There are some great tips on setting up a self-advocacy group in the $WE@&R Sex Workers’ Workbook – drop in to the SCOT-PEP office to browse our copy and have a look at the rest the materials in our library.

What can self-advocacy do?

Sex worker advocacy groups have achieved great things around the world, from the repeal of unfair laws to the formation of sex worker unions that have won important battles for welfare rights and pension benefits.

A few of the things that sex worker advocacy have focused on, and that you can do through SCOT-PEP or on your own, include:

Educational materials

Booklets, leaflets, stickers, posters, buttons, t-shirts, mouse pads, key chains, bumper stickers – pretty much everything imaginable has been emblazoned with sex worker slogans or information, from ‘Shoot Clean, Fuck Safe, Dance Proud” to “A Hooker Is A Person In Your Neighbourhood – Support Your Local Prostitutes”.

Rights, the law and sexual health have often been the focus for sex worker groups putting out information. SCOT-PEP has a huge collection of materials published by sex worker groups around the world, and many of the organizations listed at the end of this section have put their resources online in downloadable form.

 

Paulo Henrique Longo (1964-2004)

Born in Rio de Janeiro, Paulo Longo worked as a rent boy before becoming a clinical psychologist. He also wrote a regular newspaper column about gay rights.

In 1988 he became involved in HIV research with rent boys in Rio, and was horrified when the researchers wrongly reported high HIV infection rates. By 1989 he was working as an outreach worker for Programa Pegaçào, a project for male sex workers, which he later coordinated. In 1991 he co-founded the Networkof Sex Work Projects, a global coalition of sex workers and advocates.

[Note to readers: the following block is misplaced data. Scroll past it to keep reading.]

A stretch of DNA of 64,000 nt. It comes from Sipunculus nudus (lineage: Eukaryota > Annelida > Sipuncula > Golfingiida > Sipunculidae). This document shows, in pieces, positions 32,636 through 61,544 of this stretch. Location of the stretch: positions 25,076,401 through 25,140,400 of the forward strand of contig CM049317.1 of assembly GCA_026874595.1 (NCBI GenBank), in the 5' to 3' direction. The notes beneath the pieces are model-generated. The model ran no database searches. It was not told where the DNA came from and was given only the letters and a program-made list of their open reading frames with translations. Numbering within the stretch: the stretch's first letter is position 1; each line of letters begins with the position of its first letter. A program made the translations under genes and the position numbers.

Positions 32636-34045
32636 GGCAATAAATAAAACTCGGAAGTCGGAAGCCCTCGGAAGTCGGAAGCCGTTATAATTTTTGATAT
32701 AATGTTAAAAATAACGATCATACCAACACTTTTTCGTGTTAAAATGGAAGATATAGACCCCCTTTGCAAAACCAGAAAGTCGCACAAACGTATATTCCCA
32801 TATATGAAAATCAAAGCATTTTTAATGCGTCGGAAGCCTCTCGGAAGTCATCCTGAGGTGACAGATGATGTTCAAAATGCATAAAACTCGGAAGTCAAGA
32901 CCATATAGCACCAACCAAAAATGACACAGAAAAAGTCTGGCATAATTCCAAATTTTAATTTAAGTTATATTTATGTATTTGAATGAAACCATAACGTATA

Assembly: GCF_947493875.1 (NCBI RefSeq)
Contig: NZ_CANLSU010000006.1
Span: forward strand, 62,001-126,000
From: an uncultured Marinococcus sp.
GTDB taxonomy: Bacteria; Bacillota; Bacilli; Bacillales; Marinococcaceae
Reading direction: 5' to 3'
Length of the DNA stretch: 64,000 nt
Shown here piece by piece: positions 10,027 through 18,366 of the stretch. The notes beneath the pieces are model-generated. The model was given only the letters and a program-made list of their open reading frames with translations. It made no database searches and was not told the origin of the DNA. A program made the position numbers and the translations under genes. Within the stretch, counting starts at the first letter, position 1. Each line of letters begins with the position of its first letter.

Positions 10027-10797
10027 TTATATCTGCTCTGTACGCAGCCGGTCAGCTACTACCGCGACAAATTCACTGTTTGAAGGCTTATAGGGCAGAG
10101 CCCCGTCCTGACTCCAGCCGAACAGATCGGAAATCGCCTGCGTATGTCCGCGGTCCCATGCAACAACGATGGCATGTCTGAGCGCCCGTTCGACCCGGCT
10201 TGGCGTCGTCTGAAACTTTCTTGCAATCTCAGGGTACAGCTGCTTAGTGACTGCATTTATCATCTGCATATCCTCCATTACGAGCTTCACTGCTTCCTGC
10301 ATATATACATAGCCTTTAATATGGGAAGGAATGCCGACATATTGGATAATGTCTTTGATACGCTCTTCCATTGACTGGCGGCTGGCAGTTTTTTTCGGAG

In 1997 he co-authored Making Sex Work Safe, a guide to providing services for sex workers. He was known for his eloquent speeches at AIDS conferences, public health meetings and international forums. In 2003 Rio de Janeiro City Council honoured him for his work defending human rights for gay, bisexual and transgendered people and sex workers.

He died of a heart attack in 2004, at the age of 40.

Sex work libraries

“How about starting your own private collection of sex work memorabilia? Building a library of information about sex work and prostitution provides a great learning project. And before long, your collection will evolve into an ever-growing educational resource that will entice other sex-work enthusiasts to visit, browse and borrow. Try for a broad range of genres and formats: pulp fiction and literature; music with hooker lyrics; popular movies and videos that feature prostitutes; educational brochures and newsletters from sex worker organizations; and some of the many works of research on prostitution – from the laudable to the infuriating. Before you know it, your comrades are making delightful contributions to your bookshelf.” 

- $WE@&R Sex Workers’ Workbook

Ruth Morgan Thomas started exactly such a collection in 1998; the SCOT-PEP library is a wonderful resource on sex work that is open for anyone involved in sex work to use.